His mother worried about Elliot. She was proud of him, but she thought he was odd. Quirky. She didn’t think he fit in. We talked about him in their kitchen one afternoon. We were looking out the window at Elliot sitting under his Indian blanket. She was wearing a pair of tight white tennis shorts. Her legs were tan. Sunlight sparkled through pretty red highlights in her hair.
“Elliot’s always been…exceptional,” she said.
“Everyone’s exceptional,” I told her.
“Yeah, but he’s always been so — I don’t know…difficult, I guess — even when he was little. He thought he could do things nobody can do. He thought he brought a bird back to life. It was just a sparrow, a little fluff of a thing.”
She stopped and seemed to be picturing him as a curly-headed little three-year-old with his baseball cap on sideways, then went on in a faraway voice:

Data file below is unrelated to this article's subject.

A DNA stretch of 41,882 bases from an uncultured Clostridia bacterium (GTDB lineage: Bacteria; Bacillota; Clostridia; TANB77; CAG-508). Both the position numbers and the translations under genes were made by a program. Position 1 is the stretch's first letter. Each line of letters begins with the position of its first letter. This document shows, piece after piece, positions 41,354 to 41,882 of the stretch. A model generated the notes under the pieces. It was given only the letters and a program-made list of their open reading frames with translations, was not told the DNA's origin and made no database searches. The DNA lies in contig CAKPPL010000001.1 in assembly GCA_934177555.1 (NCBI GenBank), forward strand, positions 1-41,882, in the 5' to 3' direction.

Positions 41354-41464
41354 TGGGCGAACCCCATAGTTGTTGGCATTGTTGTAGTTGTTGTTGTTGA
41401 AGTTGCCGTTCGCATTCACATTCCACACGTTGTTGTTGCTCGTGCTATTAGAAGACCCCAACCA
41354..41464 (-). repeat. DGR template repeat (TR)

“It flew into the screen door of our house in Salt Lake — probably the first time the poor thing had ever been out of its nest. I’m sure it was only stunned, but Elliot thought it was dead. He picked it up and cupped his hands around it and blew into his hands and pretty soon the sparrow started chirping. He was so proud. He beamed up at me. His eyes were happier than anything I’ve ever seen. I said something silly, like, ‘Now it thinks you’re its mother.’ And do you know what he said then?” she asked.
The color of copper glinted in her hair. She wet her lips and there was a sad, baffled, smoldering sexual look in her eyes, like if I could come up with the right answer, she’d be grateful beyond words.
“No,” I said. “What did he say?”
“He asked me…he said, ‘Are you my mother?’”
“Most kids wonder about stupid stuff like that,” I said.
“Sometimes I don’t feel like I’ve been a good mother.”
“He never says anything bad about you.”
“I was so young.”
“You must have been,” I said.